The Internal Revenue Service warns Americans to be wary of scams related to forthcoming COVID-19 payments from the federal government.
An IRS announcement Thursday notes that the IRS will begin to distribute COVID-19 economic impact payments in a matter of weeks. For most Americans, this will be a direct deposit into your bank account. For those without a bank account, the elderly or other groups that have traditionally received tax refunds via paper check, they will continue to receive payments in that manner.
Both payment methods open an opportunity for criminals and scammers to take advantage of the American public, the IRS warns:
- Scammers may try to get you to sign over your check to them.
- Scammers may use this as an opportunity to get you to “verify” your filing information in order to receive your money, using your personal information to file false tax returns in an identity theft scheme.
Between these two schemes, everyone receiving an economic impact payment is at risk, the IRS says.
The Internal Revenue Service – Criminal Investigation (IRS-CI) is working with civil counterparts and law enforcement partners to identify scams and halt wrongdoers from taking advantage of the American people.
“Taxpayers should be extra vigilant for unsolicited phone calls or emails concerning their economic impact payments,” said Justin Campbell, Special Agent in Charge of the Seattle Field Office for IRS-CI. “The IRS will not call or email you about your payment. IRS-Criminal Investigation is stepping up our efforts in coordination with the Department of Justice to aggressively investigate anyone that seeks to defraud our community members during this crisis.”
“Predictably, scammers seek out those in our community who are receiving money during a time of fear and distress,” said U.S. Attorney Brian T. Moran for the Western District of Washington. “My office is ready to assist criminal investigators from the IRS and other law enforcement agencies and we will prosecute those who seek to get rich on other people’s misfortune.”
The bottom line:
- The IRS will deposit your economic impact payment into the direct deposit account your previously provide on your tax return (or, in the alternative, send you a paper check). The IRS will not call and ask you to verify your payment details. Do not give out your bank account, debit account, or PayPal account information – even if someone claims it is necessary to get your economic impact payment. Beware of this scam.
- If you receive a call, do not engage with scammers or thieves. Just hang up. If you receive texts or emails claiming that you can get your money faster by sending personal information or clicking on links, delete them. Do not click on any links in those emails.
- Reports are also swirling about bogus checks. If you receive a “check” in the mail now, it’s fraud – it will take the Treasury Department a few weeks to distribute the payments. If you receive a “check” for an odd amount (especially one with cents), or a check that requires that you verify the check online or by calling a number, it’s fraud.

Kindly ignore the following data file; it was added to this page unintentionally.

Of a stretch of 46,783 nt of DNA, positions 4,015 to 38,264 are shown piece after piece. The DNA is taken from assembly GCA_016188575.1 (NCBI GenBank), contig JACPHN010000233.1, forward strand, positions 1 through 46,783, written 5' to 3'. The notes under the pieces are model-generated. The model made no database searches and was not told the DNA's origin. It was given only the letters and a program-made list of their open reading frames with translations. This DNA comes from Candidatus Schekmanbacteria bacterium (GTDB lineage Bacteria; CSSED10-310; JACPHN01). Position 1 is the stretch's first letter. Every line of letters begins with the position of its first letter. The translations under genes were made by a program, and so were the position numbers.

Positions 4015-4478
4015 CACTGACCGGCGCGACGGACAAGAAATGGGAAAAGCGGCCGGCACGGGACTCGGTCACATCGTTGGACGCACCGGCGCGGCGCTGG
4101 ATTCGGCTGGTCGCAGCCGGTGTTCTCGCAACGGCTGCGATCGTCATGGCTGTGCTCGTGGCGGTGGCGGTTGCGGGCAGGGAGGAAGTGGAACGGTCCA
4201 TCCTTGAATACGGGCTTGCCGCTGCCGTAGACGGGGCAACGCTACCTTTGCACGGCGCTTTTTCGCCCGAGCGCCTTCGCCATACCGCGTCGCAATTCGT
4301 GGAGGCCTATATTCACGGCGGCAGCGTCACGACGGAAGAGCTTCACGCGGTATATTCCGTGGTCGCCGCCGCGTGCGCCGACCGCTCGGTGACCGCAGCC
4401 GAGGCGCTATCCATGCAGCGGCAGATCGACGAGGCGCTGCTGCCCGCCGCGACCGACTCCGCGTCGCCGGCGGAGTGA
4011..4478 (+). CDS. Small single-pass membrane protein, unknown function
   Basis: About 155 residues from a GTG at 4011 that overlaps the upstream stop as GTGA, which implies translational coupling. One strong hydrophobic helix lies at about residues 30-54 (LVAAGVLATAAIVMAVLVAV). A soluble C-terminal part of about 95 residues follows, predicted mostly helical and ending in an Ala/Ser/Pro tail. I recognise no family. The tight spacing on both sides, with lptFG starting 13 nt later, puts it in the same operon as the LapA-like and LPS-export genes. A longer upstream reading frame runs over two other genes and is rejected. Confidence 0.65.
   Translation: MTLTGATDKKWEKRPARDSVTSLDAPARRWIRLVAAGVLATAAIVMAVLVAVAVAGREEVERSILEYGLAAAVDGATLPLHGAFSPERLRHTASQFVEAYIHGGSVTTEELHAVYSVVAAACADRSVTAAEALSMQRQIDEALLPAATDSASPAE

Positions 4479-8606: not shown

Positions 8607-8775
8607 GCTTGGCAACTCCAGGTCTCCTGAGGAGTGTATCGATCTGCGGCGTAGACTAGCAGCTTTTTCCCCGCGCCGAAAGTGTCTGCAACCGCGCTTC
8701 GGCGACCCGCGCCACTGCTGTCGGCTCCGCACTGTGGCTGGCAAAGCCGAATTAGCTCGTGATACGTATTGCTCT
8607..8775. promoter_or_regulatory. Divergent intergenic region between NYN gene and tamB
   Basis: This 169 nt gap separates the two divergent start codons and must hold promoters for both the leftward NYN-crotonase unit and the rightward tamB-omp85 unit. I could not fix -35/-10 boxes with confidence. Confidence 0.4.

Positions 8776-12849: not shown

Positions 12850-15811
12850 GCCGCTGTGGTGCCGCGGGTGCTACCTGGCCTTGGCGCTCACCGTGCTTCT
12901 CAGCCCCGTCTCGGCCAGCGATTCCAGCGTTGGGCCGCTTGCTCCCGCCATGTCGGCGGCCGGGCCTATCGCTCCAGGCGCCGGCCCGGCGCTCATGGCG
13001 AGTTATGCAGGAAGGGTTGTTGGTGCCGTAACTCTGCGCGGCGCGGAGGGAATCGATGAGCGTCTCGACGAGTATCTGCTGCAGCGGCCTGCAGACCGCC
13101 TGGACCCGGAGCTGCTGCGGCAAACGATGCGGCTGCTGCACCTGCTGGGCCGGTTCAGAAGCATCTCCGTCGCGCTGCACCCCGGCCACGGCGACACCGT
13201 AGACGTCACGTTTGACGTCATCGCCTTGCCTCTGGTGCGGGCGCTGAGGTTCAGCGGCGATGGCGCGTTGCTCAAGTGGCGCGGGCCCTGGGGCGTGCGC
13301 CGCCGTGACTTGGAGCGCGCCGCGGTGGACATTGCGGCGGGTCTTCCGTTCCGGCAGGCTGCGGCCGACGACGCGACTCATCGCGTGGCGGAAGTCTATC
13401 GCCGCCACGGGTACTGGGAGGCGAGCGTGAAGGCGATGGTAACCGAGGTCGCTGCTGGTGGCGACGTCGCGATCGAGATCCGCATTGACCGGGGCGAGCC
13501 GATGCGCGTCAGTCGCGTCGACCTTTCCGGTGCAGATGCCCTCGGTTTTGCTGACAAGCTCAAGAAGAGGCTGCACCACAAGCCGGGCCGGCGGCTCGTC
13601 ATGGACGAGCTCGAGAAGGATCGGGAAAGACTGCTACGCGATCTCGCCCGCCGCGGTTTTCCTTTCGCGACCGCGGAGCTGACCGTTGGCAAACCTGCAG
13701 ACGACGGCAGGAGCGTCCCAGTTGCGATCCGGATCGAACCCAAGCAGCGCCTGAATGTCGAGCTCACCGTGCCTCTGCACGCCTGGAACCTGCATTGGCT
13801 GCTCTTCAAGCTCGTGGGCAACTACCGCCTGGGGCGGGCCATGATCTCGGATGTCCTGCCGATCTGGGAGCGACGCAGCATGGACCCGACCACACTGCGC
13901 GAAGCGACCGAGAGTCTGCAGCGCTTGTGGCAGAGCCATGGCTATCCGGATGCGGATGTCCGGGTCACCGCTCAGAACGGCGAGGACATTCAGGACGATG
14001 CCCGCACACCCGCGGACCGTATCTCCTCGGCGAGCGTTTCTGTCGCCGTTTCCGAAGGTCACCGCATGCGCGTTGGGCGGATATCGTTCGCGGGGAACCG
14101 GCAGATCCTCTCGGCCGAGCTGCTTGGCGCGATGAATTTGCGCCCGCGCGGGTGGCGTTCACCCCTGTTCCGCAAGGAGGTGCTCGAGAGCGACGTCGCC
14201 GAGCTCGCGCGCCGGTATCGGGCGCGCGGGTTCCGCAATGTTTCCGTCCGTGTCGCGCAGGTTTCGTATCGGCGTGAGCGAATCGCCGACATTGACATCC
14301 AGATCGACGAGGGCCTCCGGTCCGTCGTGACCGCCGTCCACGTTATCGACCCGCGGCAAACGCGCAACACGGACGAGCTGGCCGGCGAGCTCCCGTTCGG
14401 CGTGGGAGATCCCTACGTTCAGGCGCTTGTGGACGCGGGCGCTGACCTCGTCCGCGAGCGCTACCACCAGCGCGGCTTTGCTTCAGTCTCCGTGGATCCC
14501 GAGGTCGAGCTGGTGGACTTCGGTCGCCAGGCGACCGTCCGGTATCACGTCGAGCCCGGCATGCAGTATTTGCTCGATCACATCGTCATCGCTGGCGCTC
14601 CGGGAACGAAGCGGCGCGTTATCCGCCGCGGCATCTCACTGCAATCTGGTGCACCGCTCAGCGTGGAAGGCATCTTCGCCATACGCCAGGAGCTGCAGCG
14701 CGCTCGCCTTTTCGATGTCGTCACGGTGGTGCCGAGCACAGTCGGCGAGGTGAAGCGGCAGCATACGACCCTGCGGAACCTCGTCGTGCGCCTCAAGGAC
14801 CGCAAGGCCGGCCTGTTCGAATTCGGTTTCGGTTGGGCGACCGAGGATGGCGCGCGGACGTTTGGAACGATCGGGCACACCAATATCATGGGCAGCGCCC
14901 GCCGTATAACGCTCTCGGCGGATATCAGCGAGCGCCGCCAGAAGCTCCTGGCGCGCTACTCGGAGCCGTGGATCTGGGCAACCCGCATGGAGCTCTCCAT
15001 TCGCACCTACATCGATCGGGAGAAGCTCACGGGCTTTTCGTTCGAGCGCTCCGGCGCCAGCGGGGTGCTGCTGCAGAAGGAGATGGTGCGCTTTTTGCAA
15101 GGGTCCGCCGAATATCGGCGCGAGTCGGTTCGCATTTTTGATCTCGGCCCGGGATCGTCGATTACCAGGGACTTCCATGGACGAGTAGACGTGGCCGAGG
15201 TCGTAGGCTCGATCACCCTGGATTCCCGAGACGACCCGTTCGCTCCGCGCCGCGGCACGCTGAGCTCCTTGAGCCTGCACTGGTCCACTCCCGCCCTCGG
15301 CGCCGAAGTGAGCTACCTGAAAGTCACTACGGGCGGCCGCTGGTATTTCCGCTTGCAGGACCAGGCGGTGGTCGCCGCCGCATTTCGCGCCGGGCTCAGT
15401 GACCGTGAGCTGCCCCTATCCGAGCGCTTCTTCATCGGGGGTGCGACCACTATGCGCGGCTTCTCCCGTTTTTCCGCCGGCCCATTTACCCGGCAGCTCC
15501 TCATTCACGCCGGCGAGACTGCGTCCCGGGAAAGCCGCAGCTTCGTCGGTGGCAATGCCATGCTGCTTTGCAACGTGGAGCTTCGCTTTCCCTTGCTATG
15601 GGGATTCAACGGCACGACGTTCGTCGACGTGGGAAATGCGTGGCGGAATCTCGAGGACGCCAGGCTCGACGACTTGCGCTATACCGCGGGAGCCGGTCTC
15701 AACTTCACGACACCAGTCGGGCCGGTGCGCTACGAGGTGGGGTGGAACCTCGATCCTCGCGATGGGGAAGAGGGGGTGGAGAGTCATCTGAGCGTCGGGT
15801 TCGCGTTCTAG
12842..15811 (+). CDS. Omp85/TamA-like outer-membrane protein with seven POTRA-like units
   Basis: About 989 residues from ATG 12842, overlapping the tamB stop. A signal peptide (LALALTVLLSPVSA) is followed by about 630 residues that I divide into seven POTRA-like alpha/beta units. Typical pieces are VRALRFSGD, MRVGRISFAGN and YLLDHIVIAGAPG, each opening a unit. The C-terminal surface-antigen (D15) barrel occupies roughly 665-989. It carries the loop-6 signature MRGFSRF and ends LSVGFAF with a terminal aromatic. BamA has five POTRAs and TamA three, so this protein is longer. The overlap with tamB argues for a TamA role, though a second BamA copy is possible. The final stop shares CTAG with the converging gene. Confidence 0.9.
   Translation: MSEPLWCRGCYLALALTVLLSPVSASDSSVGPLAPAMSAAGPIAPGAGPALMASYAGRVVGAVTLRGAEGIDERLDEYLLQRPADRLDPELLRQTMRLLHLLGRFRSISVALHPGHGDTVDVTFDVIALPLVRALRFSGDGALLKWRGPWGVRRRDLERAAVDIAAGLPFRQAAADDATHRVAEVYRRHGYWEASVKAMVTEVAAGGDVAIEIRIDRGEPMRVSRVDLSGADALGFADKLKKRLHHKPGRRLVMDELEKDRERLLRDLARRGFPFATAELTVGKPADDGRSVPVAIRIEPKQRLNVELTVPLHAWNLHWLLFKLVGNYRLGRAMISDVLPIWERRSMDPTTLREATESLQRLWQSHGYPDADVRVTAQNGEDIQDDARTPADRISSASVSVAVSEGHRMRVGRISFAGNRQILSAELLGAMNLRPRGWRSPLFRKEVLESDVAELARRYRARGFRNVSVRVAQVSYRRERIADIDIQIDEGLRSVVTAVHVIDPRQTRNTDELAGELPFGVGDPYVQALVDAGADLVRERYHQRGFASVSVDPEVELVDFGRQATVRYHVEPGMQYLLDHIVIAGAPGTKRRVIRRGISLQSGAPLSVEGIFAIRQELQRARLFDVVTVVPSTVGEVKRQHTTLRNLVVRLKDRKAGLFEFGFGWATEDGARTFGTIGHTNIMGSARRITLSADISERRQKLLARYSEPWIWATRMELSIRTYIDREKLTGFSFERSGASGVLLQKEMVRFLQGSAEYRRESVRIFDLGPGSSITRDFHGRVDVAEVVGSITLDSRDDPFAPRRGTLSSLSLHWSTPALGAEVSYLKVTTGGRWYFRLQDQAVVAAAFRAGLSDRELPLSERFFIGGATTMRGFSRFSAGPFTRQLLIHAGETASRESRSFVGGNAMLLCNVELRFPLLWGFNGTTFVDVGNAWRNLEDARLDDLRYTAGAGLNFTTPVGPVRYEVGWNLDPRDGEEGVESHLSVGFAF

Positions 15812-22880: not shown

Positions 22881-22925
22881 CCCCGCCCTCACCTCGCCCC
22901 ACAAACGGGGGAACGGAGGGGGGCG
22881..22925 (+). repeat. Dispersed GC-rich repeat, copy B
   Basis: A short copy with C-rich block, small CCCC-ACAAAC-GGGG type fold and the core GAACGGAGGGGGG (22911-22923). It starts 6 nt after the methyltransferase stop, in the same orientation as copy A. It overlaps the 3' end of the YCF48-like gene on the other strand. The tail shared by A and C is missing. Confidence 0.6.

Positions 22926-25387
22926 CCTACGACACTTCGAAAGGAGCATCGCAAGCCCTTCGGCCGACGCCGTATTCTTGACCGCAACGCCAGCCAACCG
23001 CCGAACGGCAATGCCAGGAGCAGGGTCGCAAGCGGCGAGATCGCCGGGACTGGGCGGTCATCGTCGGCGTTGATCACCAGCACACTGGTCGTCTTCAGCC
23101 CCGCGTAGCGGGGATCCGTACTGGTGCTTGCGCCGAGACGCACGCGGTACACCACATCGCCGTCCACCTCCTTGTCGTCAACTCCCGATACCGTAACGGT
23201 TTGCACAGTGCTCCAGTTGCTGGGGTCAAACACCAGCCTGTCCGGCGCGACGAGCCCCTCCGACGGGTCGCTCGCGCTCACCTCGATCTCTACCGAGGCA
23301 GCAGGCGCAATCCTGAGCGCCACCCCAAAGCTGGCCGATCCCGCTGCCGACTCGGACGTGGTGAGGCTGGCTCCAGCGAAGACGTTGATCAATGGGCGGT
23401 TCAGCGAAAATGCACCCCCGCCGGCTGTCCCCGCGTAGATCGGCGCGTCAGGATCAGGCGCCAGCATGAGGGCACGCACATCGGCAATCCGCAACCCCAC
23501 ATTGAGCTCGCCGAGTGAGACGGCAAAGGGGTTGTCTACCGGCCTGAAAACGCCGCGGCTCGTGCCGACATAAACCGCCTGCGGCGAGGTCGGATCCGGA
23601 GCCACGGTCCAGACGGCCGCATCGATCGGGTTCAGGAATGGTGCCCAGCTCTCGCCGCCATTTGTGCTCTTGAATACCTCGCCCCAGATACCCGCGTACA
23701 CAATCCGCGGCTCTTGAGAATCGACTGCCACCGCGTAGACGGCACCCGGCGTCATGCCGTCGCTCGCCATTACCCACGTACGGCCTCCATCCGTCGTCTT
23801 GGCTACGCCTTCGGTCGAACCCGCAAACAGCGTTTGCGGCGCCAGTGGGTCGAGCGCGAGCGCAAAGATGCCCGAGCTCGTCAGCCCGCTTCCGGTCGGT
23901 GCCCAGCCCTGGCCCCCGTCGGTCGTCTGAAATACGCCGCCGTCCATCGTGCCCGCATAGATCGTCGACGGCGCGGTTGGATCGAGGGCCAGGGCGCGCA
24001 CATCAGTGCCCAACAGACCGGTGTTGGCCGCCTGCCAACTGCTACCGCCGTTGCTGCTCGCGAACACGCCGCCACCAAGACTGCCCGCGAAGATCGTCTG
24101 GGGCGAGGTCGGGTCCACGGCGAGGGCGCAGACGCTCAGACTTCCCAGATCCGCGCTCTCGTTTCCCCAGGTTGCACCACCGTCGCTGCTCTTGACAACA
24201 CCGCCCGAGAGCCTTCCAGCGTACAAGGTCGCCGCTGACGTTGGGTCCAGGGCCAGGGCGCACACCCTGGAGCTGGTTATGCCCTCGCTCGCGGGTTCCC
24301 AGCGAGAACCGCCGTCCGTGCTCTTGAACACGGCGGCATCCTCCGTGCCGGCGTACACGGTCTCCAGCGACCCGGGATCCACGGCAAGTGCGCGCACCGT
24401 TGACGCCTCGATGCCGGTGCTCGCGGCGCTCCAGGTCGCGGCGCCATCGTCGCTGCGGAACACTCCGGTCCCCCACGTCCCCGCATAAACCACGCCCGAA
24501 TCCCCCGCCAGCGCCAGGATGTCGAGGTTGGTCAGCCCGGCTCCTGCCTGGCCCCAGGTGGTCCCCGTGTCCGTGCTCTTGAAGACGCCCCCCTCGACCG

In addition, the IRS says that an aggressive and sophisticated phone scam targeting taxpayers, including recent immigrants, have been making the rounds throughout the country. Callers claim to be employees of the IRS, but are not. Victims are told they owe money to the IRS and it must be paid promptly through a pre-loaded debit card or wire transfer. If the victim refuses to cooperate, they are then threatened with arrest, deportation or suspension of a business or driver’s license. Or, victims may be told they have a refund due to try to trick them into sharing private information.
With COVID-19 scams, they may urge you to pay this fake “debt” with your economic impact check. For those who receive an actual check, they may ask you to endorse it and forward to them for “payment of past debts.”
Remember: Scammer change tactics. Variations of the IRS impersonation scam continue year-round and they tend to peak when scammers find prime opportunities to strike — like the new economic impact check being sent.
Scam emails are designed to trick taxpayers into thinking these are official communications from the IRS, tax industry professionals or tax software companies. These phishing emails ask taxpayers about a wide range of topics – related to refunds, filing status, ordering transcripts, and verifying PIN information – in order to steal your personal information or file tax returns.
When people click on links from these phishing emails, they are taken to sites designed to imitate an official-looking website, such as IRS.gov. The sites may also carry malware, which can infect people’s computers to steal their files or record their keystrokes.
Also be aware of email phishing scams that appear to be from the IRS and include a link to a bogus web site intended to mirror the official IRS web site. These emails contain the direction “you are to update your IRS e-file immediately.” The emails mention USA.gov and IRSgov (without a dot between “IRS” and “gov”). Don’t get scammed. These emails are not from the IRS.